Phil Hope: We hear from Conservative Members the cry, "Has the gap between rich and poor widened or

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narrowed?" If benefit after benefit is cut, as they were when the Conservative party was in government, the poor will get poorer. If child benefit, which is a universal benefit, is frozen, the poor will get poorer. If 4 million people are thrown out of work, the poor will inevitably get poorer. The point is that the Conservatives do not care, and they have not come here tonight to see how we might put things right.

Kali Mountford: Does my hon. Friend think it better to try to lift families, especially those with children, out of poverty or to concentrate on limiting the resources of the very wealthy?

Phil Hope: The crucial thing is to lift the floor and raise the level for everyone—like boats on the sea—to give all an opportunity, as opposed to abandoning them on run-down estates in constituencies that the Conservatives failed to represent adequately.

The Bill builds on the last four years of successful intervention in meeting the needs of the poor. The national minimum wage was introduced by the Labour Government, and the tax credit will be a vital addition to that. I remember an all-night debate in the last Parliament during which the Conservatives made every effort to oppose the introduction of the national minimum wage. The general election saw a huge U-turn by the then shadow Chancellor, but he is no longer a member of their Front-Bench team. What is the Tories' real position now on the national minimum wage? If they got back into power, would we see 2 million people thrown back into the poverty pay that they had to live on under the Conservatives?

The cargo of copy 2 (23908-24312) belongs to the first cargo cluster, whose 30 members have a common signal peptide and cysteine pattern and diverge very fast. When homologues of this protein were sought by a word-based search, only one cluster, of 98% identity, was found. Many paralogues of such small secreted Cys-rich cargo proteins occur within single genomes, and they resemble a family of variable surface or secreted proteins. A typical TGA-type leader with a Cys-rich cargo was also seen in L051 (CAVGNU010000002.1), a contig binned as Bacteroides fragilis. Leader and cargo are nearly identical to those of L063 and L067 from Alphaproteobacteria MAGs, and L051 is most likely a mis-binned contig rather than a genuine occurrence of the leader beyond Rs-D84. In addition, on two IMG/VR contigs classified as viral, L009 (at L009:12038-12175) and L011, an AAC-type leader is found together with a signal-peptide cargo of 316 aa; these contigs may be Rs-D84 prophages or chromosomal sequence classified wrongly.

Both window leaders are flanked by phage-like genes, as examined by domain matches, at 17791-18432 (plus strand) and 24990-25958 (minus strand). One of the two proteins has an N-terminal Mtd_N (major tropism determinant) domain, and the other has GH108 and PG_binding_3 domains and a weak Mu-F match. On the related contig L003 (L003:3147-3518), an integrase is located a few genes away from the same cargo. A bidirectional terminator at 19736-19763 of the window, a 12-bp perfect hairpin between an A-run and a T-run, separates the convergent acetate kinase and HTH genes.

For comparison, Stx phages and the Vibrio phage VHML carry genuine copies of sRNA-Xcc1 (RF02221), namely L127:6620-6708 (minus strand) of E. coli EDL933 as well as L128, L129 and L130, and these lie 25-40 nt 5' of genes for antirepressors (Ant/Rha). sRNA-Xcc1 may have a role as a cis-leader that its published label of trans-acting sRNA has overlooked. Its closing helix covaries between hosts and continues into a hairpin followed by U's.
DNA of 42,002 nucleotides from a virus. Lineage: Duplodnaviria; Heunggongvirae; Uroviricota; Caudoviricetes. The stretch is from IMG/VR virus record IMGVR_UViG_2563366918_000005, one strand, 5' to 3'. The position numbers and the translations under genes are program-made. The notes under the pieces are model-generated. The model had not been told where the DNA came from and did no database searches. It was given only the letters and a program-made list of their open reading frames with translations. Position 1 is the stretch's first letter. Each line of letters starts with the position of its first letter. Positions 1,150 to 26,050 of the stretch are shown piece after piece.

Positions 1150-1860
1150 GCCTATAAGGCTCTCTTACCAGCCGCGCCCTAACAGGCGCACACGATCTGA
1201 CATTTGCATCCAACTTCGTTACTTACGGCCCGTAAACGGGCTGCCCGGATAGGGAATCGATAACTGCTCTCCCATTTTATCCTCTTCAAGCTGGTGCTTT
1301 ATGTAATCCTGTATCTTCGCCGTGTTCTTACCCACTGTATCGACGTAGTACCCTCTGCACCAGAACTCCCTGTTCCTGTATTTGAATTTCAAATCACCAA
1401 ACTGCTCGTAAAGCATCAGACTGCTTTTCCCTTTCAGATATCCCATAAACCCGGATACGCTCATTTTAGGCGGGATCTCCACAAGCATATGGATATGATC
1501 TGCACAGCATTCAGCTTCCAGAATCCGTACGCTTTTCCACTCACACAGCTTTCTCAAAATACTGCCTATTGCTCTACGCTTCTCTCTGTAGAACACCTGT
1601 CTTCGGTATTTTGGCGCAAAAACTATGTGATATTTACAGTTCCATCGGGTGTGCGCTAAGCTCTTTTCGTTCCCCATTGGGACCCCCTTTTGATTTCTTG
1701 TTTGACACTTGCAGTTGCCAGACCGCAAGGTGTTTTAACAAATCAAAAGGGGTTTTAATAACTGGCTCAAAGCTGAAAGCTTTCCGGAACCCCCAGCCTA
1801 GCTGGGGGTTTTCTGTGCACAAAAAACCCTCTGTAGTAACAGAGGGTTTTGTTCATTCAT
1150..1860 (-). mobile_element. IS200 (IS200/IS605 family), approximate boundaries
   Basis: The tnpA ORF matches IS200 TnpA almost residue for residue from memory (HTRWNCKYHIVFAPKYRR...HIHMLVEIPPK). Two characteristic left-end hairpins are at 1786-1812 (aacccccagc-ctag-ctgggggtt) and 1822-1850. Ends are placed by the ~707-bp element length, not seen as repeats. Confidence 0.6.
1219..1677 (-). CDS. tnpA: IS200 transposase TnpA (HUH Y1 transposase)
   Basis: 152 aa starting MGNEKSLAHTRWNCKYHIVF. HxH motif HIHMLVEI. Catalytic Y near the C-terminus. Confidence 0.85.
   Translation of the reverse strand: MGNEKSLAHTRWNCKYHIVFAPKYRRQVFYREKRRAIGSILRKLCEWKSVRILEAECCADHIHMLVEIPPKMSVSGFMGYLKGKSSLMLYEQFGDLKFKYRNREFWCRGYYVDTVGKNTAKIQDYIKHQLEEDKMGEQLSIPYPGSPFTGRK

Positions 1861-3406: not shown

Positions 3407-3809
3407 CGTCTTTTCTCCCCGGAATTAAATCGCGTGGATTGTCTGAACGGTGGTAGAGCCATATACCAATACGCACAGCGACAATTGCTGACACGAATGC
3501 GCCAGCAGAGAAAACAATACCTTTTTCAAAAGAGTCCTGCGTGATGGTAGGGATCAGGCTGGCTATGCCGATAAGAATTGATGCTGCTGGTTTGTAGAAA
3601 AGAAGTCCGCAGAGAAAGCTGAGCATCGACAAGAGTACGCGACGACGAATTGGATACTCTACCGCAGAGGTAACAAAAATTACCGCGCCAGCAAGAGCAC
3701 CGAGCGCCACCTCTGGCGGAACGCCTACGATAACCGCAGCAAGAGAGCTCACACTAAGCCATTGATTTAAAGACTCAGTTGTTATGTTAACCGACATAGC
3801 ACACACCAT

The Conservatives opposed the WFTC, the child care tax credit, the 10p starting rate of income tax and the increases in child benefit. The fact that they are abstaining this evening tells us that they may be wondering whether they got it wrong. They may be asking themselves whether it was wrong to keep cutting people's incomes. They may be having second thoughts. Unfortunately, I doubt it. They do not want to vote tonight, because they do not know what to do. They do not understand the people who live in poverty.

Mr. Kevan Jones: The Conservatives may be abstaining tonight because the measures in the Bill are popular with the public and they do not want to admit that a Labour Government have brought in policies that are popular with the public. Those policies are why the Labour Government were returned in June.